A couple is considered infertile if they fail to get pregnant within one year of having frequent, unprotected sex. According to WHO estimates, one in every six people of reproductive age worldwide experiences infertility in their lifetime.

Researchers have identified several risk factors such as age, diabetes, stress, alcohol abuse, and eating disorders that could increase the chances of infertility in men and women.

It is estimated that around one in 10 women between the ages of 15 and 44 have difficulties in conceiving. In addition to the common risk factors, female infertility can be caused due to abnormal menstruation, issues with the fallopian tube, polycystic ovary syndrome, and certain diseases like thyroid, celiac disease, and pelvic inflammatory disease.

Male infertility can be caused due to health issues like low sperm count, injury to testicles, enlarged veins in the scrotum, undescended testicles, and testicular cancer.

In the United States, 10% to 15% of couples have infertility. Couples who face difficulty in conceiving are often advised to opt for a healthier lifestyle in addition to getting treatments for their fertility issues.

A new study, published in BMC Medicine, gives more evidence of how an active lifestyle, which includes achieving a healthy weight and quitting smoke, could improve chances of fertility.

The study evaluated the impact of several lifestyle behaviors such as the use of caffeine and alcohol, smoking, and body mass index (BMI) on fertility. The researchers also used data from a pregnancy cohort, the Norwegian Mother, Father, and Child Cohort Study.

The factors such as infertility therapy usage, miscarriage, and the time for conception were used to assess fertility, and the reproductive outcomes were measured based on the age at first delivery and the number of children.

The researchers found that people with elevated BMI values were at an increased risk of developing fertility issues as they needed infertility therapy, had chances of miscarriage, and had increased time to conception.

The findings also suggested that the participants who were smokers also had increased time to conception.

"For accurate fertility guidance, it is extremely important to establish causality. Our results can contribute to the evidence base upon which these decisions are made. Associations between higher BMI and smoking on increased time to conception were replicated using MR( Mendelian randomization), aligning with previous conclusions that the evidence is most robust for these traits," the researchers wrote.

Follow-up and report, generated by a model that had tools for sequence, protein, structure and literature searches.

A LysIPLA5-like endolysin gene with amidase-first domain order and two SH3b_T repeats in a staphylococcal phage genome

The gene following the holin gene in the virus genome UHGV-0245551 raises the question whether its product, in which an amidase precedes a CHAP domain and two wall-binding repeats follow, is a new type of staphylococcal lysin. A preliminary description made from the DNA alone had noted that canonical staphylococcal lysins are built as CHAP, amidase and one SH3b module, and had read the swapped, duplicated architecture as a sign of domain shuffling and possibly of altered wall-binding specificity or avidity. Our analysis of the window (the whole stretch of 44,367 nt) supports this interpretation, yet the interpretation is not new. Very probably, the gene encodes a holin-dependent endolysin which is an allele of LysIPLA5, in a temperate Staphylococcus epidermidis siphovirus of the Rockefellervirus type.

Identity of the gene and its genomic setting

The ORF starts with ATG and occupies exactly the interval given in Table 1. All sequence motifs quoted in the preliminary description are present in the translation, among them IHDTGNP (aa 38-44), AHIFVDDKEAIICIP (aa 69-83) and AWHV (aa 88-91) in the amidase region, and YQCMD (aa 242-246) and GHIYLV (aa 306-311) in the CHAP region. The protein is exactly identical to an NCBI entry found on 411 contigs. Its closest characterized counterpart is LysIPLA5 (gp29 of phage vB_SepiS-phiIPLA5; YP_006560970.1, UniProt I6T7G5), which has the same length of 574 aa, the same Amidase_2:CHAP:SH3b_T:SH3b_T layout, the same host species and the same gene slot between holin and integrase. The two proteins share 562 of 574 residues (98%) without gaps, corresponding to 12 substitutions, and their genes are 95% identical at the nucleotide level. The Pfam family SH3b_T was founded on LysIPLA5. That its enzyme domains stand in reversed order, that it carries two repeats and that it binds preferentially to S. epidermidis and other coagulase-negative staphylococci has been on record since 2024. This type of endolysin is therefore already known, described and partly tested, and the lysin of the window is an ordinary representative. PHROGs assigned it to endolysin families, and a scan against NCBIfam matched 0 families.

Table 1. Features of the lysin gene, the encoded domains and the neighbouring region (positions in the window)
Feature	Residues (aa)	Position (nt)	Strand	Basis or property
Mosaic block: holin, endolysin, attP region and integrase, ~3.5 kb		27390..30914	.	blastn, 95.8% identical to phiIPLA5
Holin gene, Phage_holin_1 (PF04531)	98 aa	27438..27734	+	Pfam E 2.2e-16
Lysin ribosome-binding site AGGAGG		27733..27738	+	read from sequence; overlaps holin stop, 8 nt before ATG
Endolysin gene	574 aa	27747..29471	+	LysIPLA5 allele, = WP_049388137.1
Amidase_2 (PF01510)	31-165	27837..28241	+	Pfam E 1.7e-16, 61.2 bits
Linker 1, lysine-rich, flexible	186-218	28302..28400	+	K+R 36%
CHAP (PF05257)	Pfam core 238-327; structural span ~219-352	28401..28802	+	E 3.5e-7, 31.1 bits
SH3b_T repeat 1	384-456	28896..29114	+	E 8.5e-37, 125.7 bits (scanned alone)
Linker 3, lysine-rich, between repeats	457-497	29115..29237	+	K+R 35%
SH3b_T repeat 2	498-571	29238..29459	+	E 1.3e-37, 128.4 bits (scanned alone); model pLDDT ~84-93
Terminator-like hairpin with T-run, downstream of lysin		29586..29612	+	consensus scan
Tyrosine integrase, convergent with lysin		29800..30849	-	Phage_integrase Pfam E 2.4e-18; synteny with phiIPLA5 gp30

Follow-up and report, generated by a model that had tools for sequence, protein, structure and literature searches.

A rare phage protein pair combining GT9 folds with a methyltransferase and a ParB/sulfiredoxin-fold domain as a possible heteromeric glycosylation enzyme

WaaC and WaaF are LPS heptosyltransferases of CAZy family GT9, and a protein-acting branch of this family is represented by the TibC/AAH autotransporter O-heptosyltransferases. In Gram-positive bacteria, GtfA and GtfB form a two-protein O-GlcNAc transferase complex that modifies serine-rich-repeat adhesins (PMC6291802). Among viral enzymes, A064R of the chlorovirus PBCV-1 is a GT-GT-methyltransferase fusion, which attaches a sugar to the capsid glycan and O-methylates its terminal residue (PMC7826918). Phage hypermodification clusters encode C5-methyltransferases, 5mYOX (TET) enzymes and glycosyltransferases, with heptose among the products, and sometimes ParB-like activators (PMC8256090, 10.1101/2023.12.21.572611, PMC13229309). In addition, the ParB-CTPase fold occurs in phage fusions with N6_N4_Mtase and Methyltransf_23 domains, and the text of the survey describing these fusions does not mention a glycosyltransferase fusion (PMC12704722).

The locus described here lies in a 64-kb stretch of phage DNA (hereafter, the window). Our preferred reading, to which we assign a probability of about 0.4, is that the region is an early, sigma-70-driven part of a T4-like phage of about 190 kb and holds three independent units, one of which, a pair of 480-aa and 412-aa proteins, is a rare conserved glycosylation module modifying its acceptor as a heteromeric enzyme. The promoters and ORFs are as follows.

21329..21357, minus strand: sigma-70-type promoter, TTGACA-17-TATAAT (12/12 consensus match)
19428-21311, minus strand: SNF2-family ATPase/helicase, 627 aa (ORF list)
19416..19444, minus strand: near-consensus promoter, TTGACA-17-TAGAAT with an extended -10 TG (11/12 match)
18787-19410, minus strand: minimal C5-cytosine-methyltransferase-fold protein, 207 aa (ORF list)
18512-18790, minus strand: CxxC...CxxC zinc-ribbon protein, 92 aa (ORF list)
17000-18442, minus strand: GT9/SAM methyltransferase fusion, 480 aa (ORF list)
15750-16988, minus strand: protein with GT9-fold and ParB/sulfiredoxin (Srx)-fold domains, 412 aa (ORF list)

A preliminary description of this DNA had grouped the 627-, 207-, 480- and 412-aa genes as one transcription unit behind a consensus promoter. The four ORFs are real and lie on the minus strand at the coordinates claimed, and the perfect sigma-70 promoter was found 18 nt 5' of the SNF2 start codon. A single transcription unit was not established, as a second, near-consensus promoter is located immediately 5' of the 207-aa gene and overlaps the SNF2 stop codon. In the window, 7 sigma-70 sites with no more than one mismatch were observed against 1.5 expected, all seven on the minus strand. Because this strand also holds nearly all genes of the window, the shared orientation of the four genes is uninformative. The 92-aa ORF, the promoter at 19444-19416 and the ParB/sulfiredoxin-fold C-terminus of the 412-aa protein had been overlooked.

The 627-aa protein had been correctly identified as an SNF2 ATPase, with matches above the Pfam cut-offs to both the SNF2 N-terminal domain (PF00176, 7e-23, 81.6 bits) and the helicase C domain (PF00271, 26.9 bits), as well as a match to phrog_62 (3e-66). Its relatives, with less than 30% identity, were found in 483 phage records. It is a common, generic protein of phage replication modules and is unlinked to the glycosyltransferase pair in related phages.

Although infertility in most cases cannot be prevented, here are some strategies that can help couples improve their chances of getting pregnant:

  • Quit smoking- Researchers have found that tobacco affects ovulation and can cause irregularities in the menstrual cycle. Smoking can also be harmful to the health of a fetus.
  • Avoid too much alcohol - Binge drinking negatively impacts the reproductive health of women, as it can increase the likelihood of irregular ovulation. Long-term heavy drinking can reduce testosterone and sperm production in men.
  • Exercise moderately- Regular moderate exercise can help women maintain a regular menstrual cycle and improve sperm quality in men.
  • Maintain a healthy weight- Obese and underweight women can have issues with the menstrual cycle and ovulation. A body mass index (BMI) of 20–24 is considered ideal for women to get pregnant. A higher BMI in men can increase the risk of reducing sperm count.
  • Stick to a healthy diet- A wholesome diet with fresh fruits, lean proteins, and healthy fat can improve ovulatory infertility in women. Including fruits, green leafy vegetables, and legumes can help men improve sperm count in men.
Age is the most important factor that affects fertility and the chance of having a healthy child. Photo courtesy of Pixabay